India's Short Bonds: Sought by All, Bought by None Amid Glut
(Bloomberg) -- India’s short-duration sovereign bonds seem to have lost their appeal. For a second straight auction, the shortest debt on offer had to be rescued by underwriters.
Just one month ago, primary dealers had told the government that it should sell more short-end debt as there’s demand. Now, they’re facing a glut weeks into the new financial year.
“With supply concentrated in the short-tenor bonds, that segment is facing pressure,” said Gopikrishnan MS, Mumbai-based head of foreign exchange, rates and credit trading for South Asia at Standard Chartered Bank. “We are seeing profit booking from state-owned banks in that segment, which is putting additional pressure.”
Underwriters had to pick up almost all of 30 billion rupees ($449 million) of the 7.37 percent 2023 bonds sold Thursday. On April 20, they bought 3.98 billion rupees of the shortest 6.65 percent 2020 paper auctioned.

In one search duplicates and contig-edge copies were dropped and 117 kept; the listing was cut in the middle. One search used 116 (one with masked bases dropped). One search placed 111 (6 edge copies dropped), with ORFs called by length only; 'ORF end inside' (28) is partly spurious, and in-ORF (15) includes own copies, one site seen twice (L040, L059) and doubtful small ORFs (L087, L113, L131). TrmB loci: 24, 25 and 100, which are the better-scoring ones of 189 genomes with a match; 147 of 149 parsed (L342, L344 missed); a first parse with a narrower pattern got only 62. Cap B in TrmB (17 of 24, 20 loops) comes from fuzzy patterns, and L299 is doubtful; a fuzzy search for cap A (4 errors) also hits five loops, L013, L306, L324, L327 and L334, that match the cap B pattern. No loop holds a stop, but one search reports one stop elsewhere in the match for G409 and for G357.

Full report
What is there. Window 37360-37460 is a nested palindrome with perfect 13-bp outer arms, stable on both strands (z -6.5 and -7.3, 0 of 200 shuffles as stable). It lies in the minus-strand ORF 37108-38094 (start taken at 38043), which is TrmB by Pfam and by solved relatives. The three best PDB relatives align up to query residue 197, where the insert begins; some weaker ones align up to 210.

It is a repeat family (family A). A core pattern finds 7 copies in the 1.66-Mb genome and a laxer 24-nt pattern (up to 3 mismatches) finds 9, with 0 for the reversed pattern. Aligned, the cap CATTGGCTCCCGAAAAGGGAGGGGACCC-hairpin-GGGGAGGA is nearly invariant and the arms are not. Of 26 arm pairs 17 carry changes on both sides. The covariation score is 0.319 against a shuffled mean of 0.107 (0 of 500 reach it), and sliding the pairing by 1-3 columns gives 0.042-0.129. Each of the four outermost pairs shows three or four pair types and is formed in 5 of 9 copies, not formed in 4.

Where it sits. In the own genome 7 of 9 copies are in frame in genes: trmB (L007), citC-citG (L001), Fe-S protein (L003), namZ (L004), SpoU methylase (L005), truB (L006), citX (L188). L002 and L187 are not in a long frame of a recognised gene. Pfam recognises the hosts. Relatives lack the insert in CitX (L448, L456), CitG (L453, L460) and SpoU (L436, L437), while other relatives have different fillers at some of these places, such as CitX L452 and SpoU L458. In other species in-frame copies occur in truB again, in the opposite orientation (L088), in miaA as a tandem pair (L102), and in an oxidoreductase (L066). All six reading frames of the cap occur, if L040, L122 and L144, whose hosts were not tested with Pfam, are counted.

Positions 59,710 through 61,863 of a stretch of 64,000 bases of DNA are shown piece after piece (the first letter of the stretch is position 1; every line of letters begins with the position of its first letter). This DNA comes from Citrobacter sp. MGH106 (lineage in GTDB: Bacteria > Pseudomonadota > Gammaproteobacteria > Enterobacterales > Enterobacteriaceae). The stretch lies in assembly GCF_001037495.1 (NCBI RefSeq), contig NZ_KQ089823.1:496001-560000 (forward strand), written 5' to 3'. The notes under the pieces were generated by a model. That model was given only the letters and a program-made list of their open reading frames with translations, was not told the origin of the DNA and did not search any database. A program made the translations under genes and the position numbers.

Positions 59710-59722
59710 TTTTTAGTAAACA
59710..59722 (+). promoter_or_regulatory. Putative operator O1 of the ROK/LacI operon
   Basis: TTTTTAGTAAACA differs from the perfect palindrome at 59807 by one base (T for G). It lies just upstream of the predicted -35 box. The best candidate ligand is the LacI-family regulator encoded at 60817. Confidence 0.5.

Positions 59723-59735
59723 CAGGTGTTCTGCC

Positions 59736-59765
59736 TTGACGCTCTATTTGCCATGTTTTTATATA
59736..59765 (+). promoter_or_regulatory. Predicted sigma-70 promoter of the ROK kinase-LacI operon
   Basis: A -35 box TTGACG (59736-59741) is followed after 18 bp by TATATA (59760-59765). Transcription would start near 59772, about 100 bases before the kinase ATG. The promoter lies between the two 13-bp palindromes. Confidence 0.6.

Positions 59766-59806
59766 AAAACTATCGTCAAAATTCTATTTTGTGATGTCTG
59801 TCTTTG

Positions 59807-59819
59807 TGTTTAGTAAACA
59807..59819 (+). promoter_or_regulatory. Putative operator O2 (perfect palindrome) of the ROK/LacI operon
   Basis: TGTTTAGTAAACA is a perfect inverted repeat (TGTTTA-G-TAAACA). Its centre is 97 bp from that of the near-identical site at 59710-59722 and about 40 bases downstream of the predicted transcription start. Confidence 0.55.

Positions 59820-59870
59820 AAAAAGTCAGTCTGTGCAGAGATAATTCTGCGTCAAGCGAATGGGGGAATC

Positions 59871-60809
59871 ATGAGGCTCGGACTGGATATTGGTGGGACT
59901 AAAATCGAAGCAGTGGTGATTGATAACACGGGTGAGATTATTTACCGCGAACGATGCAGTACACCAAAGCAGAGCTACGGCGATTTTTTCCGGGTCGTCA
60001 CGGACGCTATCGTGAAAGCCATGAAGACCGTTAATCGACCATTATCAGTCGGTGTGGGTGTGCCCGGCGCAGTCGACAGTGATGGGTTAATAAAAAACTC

Foreigners have been dumping Indian debt amid hardening global yields -- the 10-year U.S. Treasury note pierced the 3 percent mark for the first time in four years this week. That’s hurt short-duration paper -- typically bought by overseas funds -- the most. Some global funds have also changed strategy. They sold 16.8 billion rupees of local debt Thursday, remaining net sellers for nine in the past 10 days, data compiled by Bloomberg show
“Few foreign funds have increased duration,” said Gopikrishnan. “The view is that if at all there are rate hikes, it will be front-loaded and eventually inflation will taper down.”
(A previous version of this story was corrected to fix an error in 2023 bonds coupon.)
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